10x8 developing tank from Stearman Press

Stephen Batey

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I've just had an email which contains (amongst other information) a note that they hope to begin testing a 3D printed prototype next week. The tank is a tall cylinder taking 750mm of solution and 2 10x8 sheets; estimated price $147. They said they'd probably start a Kickstarter campaign when they have an idea of production schedules.

They tried a 10x8 tank before, and it failed to reach the target, so it will be interesting to see how this one goes. If it does...
 

David M

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That's interesting. I seem to have slipped off the Stearman email list. The previous 10x8 tank proposal used two litres of liquid for two sheets of film which didn't seem attractive. This sounds like a much more practical design. Mr Stearman does seem to be a very energetic and enterprising chap.
I'm wondering if it will be possible to use the new design in a dark tent. That would be an additional advantage as it could open the door to would-be LF photographers who can't have a darkroom as such.
 

Alan9940

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Given the fact that the lid uses the same type rubber seal and caps as the SP-445, it will be interesting to see what agitation technique he considers workable. I'm guessing it will be rolling the tank horizontally, then sitting upright until the next cycle. It would be hard to imagine that the lid could hold tightly against all that liquid during an inversion style agitation. Also, given the current dimensions I'd like to see his vision of the entire processing sequence.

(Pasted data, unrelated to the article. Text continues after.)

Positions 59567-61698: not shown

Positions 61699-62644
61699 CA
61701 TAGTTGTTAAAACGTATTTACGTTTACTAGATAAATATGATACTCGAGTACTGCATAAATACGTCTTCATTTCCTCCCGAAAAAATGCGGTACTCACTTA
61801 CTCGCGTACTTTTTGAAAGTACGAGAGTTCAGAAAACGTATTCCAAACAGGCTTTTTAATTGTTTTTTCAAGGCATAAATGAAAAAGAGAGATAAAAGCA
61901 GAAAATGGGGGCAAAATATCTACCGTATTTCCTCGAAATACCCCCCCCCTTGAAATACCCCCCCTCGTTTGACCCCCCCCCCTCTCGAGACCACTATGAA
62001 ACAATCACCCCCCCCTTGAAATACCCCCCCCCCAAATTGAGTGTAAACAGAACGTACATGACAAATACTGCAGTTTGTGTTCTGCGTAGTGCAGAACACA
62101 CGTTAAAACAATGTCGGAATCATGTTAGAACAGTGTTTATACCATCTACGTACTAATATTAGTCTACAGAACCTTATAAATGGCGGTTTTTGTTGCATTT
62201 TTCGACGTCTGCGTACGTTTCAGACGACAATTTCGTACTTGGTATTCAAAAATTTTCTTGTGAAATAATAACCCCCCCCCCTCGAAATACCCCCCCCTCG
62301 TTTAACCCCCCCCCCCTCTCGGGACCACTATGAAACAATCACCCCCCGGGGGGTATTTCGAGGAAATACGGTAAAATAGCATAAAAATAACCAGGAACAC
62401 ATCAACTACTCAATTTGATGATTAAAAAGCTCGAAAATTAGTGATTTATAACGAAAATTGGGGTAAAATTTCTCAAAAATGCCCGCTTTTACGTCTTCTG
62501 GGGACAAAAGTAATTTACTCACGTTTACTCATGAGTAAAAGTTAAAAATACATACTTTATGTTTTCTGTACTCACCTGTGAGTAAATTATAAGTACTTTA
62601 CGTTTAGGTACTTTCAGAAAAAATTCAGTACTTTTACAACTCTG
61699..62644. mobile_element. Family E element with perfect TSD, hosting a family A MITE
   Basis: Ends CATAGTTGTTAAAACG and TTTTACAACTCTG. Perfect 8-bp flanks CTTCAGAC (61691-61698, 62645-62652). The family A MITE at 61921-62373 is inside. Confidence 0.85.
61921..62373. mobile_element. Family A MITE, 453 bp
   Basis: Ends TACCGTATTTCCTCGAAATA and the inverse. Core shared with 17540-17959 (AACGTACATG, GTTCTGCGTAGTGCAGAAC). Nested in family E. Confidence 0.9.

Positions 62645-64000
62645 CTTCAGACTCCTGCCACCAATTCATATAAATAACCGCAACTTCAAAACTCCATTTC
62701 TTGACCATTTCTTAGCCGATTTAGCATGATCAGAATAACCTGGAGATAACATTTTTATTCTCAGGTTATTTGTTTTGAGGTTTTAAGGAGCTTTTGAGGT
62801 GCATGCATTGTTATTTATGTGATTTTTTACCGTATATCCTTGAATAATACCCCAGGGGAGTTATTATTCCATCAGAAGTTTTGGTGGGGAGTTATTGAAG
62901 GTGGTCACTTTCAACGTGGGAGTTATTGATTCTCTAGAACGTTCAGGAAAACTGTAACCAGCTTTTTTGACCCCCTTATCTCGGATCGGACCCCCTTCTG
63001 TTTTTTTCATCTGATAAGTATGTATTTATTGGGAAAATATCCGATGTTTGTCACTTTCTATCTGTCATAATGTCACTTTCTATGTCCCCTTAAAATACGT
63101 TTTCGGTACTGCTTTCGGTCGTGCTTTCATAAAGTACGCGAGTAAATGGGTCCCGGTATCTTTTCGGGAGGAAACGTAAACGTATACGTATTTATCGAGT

For my money, I'd just build my own Steve Sherman tanks for a lot less and be able to process as many sheets as I can handle. Personally, I can't do more than 4 at a time.

I do wish him all the best with this new design. It certainly looks more practical than the SP-2810 design.
 

David M

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#4
I've done some scribbles, and a four-inch tube with a three-inch core would give about the proposed quantity of liquid –750ml. (All very approximate.) We can guess that the film would be held in a spiral formation, rather like the Mod54 or the Jobo 2521. I can't imagine what the details would be, but things work well on the 5x4 tank.
I wish him well, too.
 

Ian Grant

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#5
The BTZS developing tubes are very cheap if you realise what they really are :D Welding rod storage tubes :)

Ian
 

David M

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#6
A trip to B+Q or any similar establishment would yield a host of possibilities. A length of pipe, a coupe of end caps and away we go! Perhaps a nice new hacksaw...
 

Ian Grant

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#8
I keep looking for a bargain Paterson Orbital, I've used one at a friends house for 5x4 but fancy one for my 10x8's.

Ian
 

David M

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#9